Disability assessment should be viewed as an attempt to determine
the behavior or performance of an individual in a specific context.16 Loss
of a specific function such as the inability to bend to pick up
a 15-lb box at work may coexist with the ability to bend and pick
up a 30-lb, 3-year-old child. This functional dissonance can exist
without conscious malingering because of the powerful differences
between the absolute inability to perform a task versus the inability
to perform a certain task comfortably in a specific environmental
context. This makes the differentiation between those who cannot
work from those who do not want to work quite difficult. Pain is
subjective and is influenced by environmental factors. Impairments
and disabilities may fluctuate depending on the situation in which
a chronic pain patient finds himself.
There are a wide range of functional assessment methods available,
which vary from simple range-of-motion measurements that can be
easily performed in the office setting, to sophisticated, 2-day
functional capacity evaluations that require expensive equipment
and trained personnel. The most commonly used methods are pain measurement
tools, functional assessments (by patient report or examination),
psychological measurements, and information about the general health
status. The use and combination of these different methods depends
largely on the goal of the assessment. These goals may be a medicolegal
disability rating in a workers’ compensation case, identification
of limitations to direct the patient to an appropriate therapy program,
or for research purposes. Table 84-1 gives an overview of the different
categories and frequently used assessment methods in pain patients.
The most widely used measurements are discussed in the following
Since pain is a multidimensional experience and is private and
subjective in nature, it may be the most difficult measurement to
perform in health assessment. Its results often do not follow the basic
requirements of psychometric measurement, that is, reliability and
validity. Pain measurement can capture two dimensions of the pain
experience; namely, the sensory aspects of the pain and the person’s
emotional reaction to the pain. Although most clinical applications
use fairly simple intensity scales, newer measurement methods are
starting to evolve. Based on sensory decision theory, these methods
attempt to distinguish the stimulus strength from the subjective response.
It has been demonstrated, for example, that a placebo works as an
analgesic primarily by reducing the respondent’s tendency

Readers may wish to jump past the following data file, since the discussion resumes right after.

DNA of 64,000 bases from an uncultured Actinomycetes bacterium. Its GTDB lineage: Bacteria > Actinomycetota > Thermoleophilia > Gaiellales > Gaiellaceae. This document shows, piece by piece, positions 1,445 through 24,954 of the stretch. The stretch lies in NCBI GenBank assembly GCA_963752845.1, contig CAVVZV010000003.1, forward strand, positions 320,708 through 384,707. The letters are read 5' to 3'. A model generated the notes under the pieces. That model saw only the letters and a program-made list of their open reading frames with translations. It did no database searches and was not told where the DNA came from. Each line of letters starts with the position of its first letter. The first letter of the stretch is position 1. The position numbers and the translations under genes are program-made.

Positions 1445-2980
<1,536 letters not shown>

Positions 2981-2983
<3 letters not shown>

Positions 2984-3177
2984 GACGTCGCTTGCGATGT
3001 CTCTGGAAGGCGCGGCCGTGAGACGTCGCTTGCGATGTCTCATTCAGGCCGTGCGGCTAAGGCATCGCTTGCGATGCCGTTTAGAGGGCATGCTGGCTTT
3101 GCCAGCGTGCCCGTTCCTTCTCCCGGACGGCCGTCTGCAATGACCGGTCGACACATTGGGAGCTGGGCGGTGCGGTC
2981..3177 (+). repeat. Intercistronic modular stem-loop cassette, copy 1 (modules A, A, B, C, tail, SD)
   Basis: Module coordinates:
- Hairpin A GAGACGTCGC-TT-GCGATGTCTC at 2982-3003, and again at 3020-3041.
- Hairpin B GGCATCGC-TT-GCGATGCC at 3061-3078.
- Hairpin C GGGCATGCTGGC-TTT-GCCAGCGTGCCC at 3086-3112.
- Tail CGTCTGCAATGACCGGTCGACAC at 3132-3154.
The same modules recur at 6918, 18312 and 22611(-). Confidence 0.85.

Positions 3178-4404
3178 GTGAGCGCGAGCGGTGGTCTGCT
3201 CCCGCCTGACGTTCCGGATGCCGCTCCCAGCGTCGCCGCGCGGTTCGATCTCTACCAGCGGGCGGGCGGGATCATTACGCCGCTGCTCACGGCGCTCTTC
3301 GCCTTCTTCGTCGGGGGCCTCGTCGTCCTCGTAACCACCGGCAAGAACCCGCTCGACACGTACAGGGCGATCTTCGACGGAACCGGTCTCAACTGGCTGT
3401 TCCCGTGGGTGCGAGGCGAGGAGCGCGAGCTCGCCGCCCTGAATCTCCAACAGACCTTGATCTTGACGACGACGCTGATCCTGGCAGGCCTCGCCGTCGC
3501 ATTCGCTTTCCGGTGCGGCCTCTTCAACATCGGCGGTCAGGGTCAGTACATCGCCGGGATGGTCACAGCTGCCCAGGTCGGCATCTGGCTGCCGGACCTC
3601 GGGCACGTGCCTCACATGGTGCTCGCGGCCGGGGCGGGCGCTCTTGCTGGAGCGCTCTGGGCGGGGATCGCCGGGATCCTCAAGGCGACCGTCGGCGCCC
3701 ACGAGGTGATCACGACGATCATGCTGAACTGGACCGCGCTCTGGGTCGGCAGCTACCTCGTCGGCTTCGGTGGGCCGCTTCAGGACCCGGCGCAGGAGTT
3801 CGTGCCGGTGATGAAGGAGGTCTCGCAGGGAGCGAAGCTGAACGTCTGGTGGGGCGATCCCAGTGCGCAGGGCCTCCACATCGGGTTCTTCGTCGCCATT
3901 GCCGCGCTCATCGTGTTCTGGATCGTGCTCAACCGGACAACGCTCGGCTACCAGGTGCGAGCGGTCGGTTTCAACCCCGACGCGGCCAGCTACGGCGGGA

to label an experimental stimulus as “painful” rather
than by altering the person’s ability to feel it. Thus,
the placebo seems to alter the affective response, not the perception
of the stimulus.17
Most pain measurement methods can be divided in the following
categories: pain questionnaires that record verbal or written responses
to pain; behavioral measurements of pain that depend on observed
pain behaviors of the subject; and analog methods, commonly used
in laboratory studies, in which the respondent compares his pain
with an experimentally induced pain stimulus of known intensity.18 However,
these different approaches measure different aspects of pain, and
there appears to be little correlation between them.
The most commonly known and widely accepted questionnaires are
the different subtypes of the visual analog pain rating scales.
They provide a simple way to record a subjective estimation of pain
intensity. Several types have been used, but the original scale,
popularized by Huskisson, consisted of a straight line, 10-cm long,
that represented the range of pain to be rated.19 The
visual analog scale (VAS) has been studied extensively, showing
excellent reliability and adequate validity. In the comparison of
different types of pain rating scales, it has been demonstrated
that the numerical ratings are preferable to the verbal rating scales.
For children and illiterate patients, a version showing faces is
available. Overall, the VAS provides a robust, sensitive, and reproducible
method of expressing pain severity that is applicable to a wide
age range (children age 5 and older to adults that are cognitively
intact) and is easily applied in a clinical setting.
Melzack’s McGill Pain Questionnaire (MPQ) is the most
commonly used measurement to describe the diverse dimensions of
pain. The MPQ was initially presented in 1975 as a preliminary method.
However, the questionnaire continues to be used in its original
form and is considered the gold standard against which other, newer
instruments are compared.18 An attempt to address
three major dimensions of pain—sensory-discriminative,
motivational-affective, and cognitive-evaluative—are represented
on the MPQ. The complete MPQ includes the patient’s history
and diagnosis, drug regimen, symptoms, and the effects of pain on
the patient. The most commonly used section, however, is the 102-word
questionnaire in which the patient has to mark pain attributes (i.e.,
sharp, burning, lancinating, punishing), pain intensity, accompanying
symptoms (i.e., headache, dizziness), sleep, food intake, activity,
and time course. It also includes a dermatomal pain drawing.